Morse's slam, Harper's jack lead Nats past Mets

Morse's slam, Harper's jack lead Nats past Mets

Morse's slam, Harper's jack lead Nats past Mets
WASHINGTON -- The Nationals used the long ball -- highlighted by a grand slam by Michael Morse -- to defeat the Mets, 6-4, at Nationals Park on Friday night.

Washington is now 74-45 and remains four games ahead of the Braves in the National League East.

The Nationals were behind, 2-0, and without a hit against Mets left-hander Johan Santana after three innings. But that changed by the fourth inning.

Santana allowed three consecutive singles up the middle to Jayson Werth, Bryce Harper and Ryan Zimmerman. Morse came to the plate and hit a 1-1 pitch over the right-field wall for a grand slam, the third of his career. A curtain call was in order, and Morse gave the fans what they wanted.

"That was live. That was awesome," teammate Jayson Werth said. "I was probably just as excited as all of the fans. This is what makes it fun. I've been in this situation a few times before, and this is what it's all about."

Santana said he had problems with his location when facing Morse that inning.

"We tried to come up and in to Morse, and it just stayed pretty much up in the middle of the plate and he put a good swing [on it]," Santana said. "We had a plan coming in, I felt pretty good. I warmed up pretty good. I was commanding my fastball better tonight, it just came down to a couple of pitches."

After the game, Morse wasn't available to the media, but Werth talked about how excited to see Morse hit the slam.

"All these games are big games." Werth said. "The Mets are ahead, 2-0. Johan is perfect through three, Mikey goes big fly to make it a 4-2 game, just like that."

Considering that he missed the first two months of the season because of a lat strain, Morse has put up some nice numbers, hitting .300 with 12 home runs and 44 RBIs.

"It has been a lot of fun watching Mikey the last couple of years, kind of come into his own and turn into the player that he has become. He is awesome," Werth said. "Come out early and watch batting practice. He will put on a show. He is a great teammate and a great guy to have.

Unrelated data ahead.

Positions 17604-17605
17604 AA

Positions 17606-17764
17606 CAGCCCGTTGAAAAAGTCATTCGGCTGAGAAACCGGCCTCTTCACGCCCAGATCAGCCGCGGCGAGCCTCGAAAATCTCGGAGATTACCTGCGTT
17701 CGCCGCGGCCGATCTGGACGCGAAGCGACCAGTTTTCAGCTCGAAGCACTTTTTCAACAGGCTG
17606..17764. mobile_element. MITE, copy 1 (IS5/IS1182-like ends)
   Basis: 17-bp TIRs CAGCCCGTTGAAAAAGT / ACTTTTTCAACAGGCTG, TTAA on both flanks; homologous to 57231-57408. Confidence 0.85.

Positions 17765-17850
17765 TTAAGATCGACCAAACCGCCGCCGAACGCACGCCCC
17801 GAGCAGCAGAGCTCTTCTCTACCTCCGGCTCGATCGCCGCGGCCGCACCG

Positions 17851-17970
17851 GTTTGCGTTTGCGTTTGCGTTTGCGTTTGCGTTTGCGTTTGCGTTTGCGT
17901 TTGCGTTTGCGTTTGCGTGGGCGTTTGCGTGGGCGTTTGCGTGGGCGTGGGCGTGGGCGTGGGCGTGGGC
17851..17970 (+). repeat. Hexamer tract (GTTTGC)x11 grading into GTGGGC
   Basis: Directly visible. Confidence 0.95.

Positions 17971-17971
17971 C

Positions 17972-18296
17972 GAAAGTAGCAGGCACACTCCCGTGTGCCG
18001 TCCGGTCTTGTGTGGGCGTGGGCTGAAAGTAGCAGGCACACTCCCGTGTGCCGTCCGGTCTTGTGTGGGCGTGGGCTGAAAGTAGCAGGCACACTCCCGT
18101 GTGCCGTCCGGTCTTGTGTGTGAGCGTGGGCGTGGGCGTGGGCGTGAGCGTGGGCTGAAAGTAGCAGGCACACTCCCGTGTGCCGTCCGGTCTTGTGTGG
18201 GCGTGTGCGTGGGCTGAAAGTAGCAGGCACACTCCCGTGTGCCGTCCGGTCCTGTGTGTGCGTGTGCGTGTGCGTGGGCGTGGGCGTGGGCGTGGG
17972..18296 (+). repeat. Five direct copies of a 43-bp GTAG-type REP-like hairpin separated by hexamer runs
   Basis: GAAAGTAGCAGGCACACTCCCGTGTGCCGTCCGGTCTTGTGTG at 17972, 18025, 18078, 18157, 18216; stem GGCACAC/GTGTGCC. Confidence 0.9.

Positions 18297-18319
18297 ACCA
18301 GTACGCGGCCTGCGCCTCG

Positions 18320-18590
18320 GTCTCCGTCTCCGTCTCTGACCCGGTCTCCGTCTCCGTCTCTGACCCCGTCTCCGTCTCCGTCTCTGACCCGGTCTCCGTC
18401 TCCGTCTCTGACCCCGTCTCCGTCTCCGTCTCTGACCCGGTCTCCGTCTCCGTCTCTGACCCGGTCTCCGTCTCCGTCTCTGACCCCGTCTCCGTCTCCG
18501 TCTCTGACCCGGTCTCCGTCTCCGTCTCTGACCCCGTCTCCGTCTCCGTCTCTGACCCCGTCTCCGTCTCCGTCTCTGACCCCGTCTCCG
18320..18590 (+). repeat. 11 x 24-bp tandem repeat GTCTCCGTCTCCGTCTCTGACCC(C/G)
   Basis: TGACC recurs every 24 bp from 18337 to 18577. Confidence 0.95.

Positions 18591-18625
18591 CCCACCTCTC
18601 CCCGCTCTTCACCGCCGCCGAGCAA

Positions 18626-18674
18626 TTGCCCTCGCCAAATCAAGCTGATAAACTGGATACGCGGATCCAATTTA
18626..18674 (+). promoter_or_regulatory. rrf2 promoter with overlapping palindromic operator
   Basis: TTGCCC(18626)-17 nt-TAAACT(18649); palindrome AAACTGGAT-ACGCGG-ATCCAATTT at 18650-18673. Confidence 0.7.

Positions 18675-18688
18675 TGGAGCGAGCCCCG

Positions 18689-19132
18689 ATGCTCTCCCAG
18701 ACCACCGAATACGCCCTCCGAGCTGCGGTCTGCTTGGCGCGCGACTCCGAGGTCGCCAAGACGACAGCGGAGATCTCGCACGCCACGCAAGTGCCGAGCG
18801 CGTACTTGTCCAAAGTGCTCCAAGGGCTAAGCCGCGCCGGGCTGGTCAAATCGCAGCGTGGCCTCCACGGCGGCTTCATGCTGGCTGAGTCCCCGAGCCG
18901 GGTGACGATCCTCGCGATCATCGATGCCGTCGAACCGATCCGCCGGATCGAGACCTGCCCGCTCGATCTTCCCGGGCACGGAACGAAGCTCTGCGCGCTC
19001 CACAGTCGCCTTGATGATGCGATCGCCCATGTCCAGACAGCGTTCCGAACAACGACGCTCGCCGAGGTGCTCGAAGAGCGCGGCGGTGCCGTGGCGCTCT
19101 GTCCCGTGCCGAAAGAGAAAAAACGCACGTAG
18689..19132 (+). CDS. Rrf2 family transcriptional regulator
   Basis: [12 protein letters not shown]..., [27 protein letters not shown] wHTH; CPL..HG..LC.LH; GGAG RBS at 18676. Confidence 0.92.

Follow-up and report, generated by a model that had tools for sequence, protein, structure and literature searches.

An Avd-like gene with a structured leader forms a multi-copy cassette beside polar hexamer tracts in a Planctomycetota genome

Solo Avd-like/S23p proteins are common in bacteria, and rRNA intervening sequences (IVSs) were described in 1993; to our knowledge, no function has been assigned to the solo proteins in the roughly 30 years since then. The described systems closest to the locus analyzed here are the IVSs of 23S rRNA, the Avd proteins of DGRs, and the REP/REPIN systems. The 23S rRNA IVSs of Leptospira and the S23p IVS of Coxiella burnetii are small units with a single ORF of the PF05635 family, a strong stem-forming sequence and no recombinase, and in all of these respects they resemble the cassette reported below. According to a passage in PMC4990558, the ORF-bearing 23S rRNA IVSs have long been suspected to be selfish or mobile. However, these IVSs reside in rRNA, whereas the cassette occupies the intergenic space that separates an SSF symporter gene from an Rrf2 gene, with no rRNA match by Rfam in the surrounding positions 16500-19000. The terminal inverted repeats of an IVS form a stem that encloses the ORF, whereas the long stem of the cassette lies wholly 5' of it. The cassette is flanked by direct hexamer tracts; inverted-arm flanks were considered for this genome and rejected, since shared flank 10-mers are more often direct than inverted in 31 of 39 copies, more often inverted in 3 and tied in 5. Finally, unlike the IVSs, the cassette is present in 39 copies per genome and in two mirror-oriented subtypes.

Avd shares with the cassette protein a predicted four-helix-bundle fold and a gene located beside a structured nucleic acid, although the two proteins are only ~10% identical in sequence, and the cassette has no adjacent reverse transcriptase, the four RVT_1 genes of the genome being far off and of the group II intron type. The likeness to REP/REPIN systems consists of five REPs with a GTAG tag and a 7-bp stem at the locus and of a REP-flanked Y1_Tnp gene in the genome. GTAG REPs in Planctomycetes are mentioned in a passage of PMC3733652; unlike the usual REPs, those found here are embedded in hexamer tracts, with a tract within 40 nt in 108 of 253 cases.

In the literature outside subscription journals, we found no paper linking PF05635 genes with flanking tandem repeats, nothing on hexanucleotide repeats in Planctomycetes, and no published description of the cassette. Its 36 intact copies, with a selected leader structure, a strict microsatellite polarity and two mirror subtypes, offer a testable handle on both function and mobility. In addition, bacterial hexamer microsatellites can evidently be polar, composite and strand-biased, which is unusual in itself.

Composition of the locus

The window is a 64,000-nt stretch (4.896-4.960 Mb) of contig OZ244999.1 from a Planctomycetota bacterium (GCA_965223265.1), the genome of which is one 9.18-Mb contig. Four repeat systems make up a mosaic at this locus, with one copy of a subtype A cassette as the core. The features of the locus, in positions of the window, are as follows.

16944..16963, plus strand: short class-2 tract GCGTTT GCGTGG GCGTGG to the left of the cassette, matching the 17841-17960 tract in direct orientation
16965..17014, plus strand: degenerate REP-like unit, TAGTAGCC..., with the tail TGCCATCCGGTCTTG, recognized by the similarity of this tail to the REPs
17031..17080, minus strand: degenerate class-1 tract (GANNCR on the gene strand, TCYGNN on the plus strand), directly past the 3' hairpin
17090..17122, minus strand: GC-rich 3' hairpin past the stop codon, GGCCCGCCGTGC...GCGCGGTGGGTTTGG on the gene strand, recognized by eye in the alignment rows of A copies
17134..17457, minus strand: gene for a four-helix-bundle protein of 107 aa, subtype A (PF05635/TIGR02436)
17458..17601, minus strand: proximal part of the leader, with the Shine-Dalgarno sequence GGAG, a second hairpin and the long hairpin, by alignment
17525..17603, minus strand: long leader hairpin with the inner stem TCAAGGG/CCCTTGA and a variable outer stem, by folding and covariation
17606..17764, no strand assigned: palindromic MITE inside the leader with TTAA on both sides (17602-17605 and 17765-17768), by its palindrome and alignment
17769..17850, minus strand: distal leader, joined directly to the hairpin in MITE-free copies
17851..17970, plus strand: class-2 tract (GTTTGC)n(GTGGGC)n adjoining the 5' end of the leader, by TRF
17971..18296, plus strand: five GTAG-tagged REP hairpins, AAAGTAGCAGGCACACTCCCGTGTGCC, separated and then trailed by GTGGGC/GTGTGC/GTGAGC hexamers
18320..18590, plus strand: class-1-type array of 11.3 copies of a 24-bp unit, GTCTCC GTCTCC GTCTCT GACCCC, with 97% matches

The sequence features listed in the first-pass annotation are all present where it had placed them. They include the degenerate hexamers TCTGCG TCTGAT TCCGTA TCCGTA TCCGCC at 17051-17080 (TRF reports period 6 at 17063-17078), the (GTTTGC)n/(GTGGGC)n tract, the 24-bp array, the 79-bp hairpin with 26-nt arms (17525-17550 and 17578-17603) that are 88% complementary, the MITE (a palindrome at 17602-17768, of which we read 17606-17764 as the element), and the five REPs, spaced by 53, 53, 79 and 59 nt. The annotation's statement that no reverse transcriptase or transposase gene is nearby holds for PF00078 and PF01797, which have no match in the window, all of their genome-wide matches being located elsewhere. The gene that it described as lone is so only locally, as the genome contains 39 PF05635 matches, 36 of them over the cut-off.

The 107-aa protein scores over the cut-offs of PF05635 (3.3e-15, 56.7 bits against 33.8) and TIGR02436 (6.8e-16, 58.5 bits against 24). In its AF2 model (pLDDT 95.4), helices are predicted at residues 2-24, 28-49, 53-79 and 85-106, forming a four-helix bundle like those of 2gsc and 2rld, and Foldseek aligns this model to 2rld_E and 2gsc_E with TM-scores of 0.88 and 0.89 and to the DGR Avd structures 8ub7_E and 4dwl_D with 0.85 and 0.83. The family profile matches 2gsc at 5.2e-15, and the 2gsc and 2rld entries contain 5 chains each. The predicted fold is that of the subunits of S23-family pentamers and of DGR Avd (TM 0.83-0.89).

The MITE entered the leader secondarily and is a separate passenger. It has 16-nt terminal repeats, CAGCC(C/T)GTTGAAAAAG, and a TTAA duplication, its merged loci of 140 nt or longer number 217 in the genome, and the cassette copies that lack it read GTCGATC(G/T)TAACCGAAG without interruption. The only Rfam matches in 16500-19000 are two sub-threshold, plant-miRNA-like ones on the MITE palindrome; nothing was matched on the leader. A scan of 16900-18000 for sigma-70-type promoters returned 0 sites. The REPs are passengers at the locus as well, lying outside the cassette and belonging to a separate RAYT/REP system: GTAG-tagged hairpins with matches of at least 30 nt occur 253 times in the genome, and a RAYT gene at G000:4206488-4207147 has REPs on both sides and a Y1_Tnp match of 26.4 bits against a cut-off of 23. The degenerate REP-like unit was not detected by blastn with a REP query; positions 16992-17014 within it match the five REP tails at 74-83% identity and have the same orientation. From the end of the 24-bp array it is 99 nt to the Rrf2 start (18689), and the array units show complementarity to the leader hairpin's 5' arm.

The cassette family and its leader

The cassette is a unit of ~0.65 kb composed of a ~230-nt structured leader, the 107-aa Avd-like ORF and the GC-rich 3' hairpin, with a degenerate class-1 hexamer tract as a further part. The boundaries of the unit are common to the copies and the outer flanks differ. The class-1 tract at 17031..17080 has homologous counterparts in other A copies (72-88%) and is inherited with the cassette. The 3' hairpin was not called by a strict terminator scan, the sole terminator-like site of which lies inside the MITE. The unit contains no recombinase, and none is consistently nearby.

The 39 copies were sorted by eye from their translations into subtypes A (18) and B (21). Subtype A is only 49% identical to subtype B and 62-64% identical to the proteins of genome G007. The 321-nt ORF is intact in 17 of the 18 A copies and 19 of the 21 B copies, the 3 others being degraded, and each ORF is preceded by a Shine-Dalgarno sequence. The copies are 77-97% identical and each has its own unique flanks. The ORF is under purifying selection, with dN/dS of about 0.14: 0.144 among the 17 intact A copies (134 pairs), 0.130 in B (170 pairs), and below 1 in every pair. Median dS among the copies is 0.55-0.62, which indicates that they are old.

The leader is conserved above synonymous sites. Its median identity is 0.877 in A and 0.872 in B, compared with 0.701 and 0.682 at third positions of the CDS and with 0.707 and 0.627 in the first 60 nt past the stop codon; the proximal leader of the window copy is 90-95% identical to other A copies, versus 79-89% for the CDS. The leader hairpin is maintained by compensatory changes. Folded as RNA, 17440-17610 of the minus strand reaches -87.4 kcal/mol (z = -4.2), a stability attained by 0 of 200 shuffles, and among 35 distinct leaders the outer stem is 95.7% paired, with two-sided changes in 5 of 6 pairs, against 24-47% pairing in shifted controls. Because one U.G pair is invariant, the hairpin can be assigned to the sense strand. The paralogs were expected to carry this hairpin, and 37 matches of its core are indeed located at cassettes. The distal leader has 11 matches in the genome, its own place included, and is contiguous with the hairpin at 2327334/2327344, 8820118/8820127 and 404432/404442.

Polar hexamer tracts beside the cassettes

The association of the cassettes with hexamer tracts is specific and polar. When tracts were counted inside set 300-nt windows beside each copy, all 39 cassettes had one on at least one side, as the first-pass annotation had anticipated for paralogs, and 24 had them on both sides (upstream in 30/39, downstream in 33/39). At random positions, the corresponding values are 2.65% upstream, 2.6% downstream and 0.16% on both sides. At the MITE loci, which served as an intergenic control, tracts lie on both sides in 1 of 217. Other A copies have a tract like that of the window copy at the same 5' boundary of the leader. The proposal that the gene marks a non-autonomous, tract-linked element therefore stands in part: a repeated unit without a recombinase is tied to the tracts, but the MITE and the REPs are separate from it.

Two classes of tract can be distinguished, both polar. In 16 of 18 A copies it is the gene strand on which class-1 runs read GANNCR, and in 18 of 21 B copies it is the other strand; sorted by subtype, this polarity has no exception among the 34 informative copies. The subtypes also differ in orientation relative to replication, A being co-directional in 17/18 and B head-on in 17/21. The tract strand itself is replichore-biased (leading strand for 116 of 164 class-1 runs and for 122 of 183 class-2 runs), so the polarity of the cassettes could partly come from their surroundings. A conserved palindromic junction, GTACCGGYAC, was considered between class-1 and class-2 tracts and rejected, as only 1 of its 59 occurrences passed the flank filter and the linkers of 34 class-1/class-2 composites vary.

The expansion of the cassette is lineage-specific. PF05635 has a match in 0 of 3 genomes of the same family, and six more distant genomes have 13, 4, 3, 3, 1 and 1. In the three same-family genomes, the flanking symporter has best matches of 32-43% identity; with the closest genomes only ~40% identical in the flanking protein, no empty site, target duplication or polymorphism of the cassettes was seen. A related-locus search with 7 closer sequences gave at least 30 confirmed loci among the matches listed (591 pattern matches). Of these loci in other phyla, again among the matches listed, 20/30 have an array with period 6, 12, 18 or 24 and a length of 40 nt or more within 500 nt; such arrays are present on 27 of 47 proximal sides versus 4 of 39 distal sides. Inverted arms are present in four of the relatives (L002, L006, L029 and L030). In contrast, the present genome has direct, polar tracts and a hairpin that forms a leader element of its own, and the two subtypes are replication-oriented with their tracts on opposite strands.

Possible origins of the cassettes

"We have six weeks of ball left. A lot could happen in a playoff chase. That's something this team has never had. It exciting for me in that situation, especially [Zimmerman] and up and down our lineup. We have some guys that are big-game players. We have talent, and I think it's going to be fun to watch the rest of the way."

Manager Davey Johnson took notice that Morse has looked more aggressive at plate dating back to the last road trip earlier this month.

"It started in Houston. He really started getting into an aggressive hitting mode -- really hitting off the fastball better," Johnson said about Morse. "[Before] he was more or less defending on the fastball and hitting breaking stuff."

An inning after the grand slam, Santana was able to get two quick outs, but had a tough time getting the third. After Werth singled, Harper slammed a two-run homer into the right-field stands for his 11th home run of the season.

Nationals left-hander Ross Detwiler got off to a slow start, allowing a two-run single to Daniel Murphy in the first inning. But he retired 10 out of the next 11 hitters he faced and ended up winning his 11th game of the season. Detwiler pitched six innings and allowed three runs on six hits.

"I focused down in the zone," Detwiler said about his outing after the first inning. "The pitches in [the first inning] were up. Sinkers weren't sinking. They got good wood on the ball."

It was a far cry from his last start on Sunday against the D-backs. He lasted 4 2/3 innings and allowed four earned runs. It didn't help that Detwiler was under the weather that day.

The Mets scored their last run of the game in the seventh inning, when Kelly Shoppach hit a solo homer off reliever Craig Stammen. Drew Storen and Tyler Clippard blanked New York for the final two innings, with Clippard collecting his 26th save.

Bill Ladson is a reporter for and writes an MLBlog, All Nats All the time. He also could be found on Twitter @WashingNats. This story was not subject to the approval of Major League Baseball or its clubs.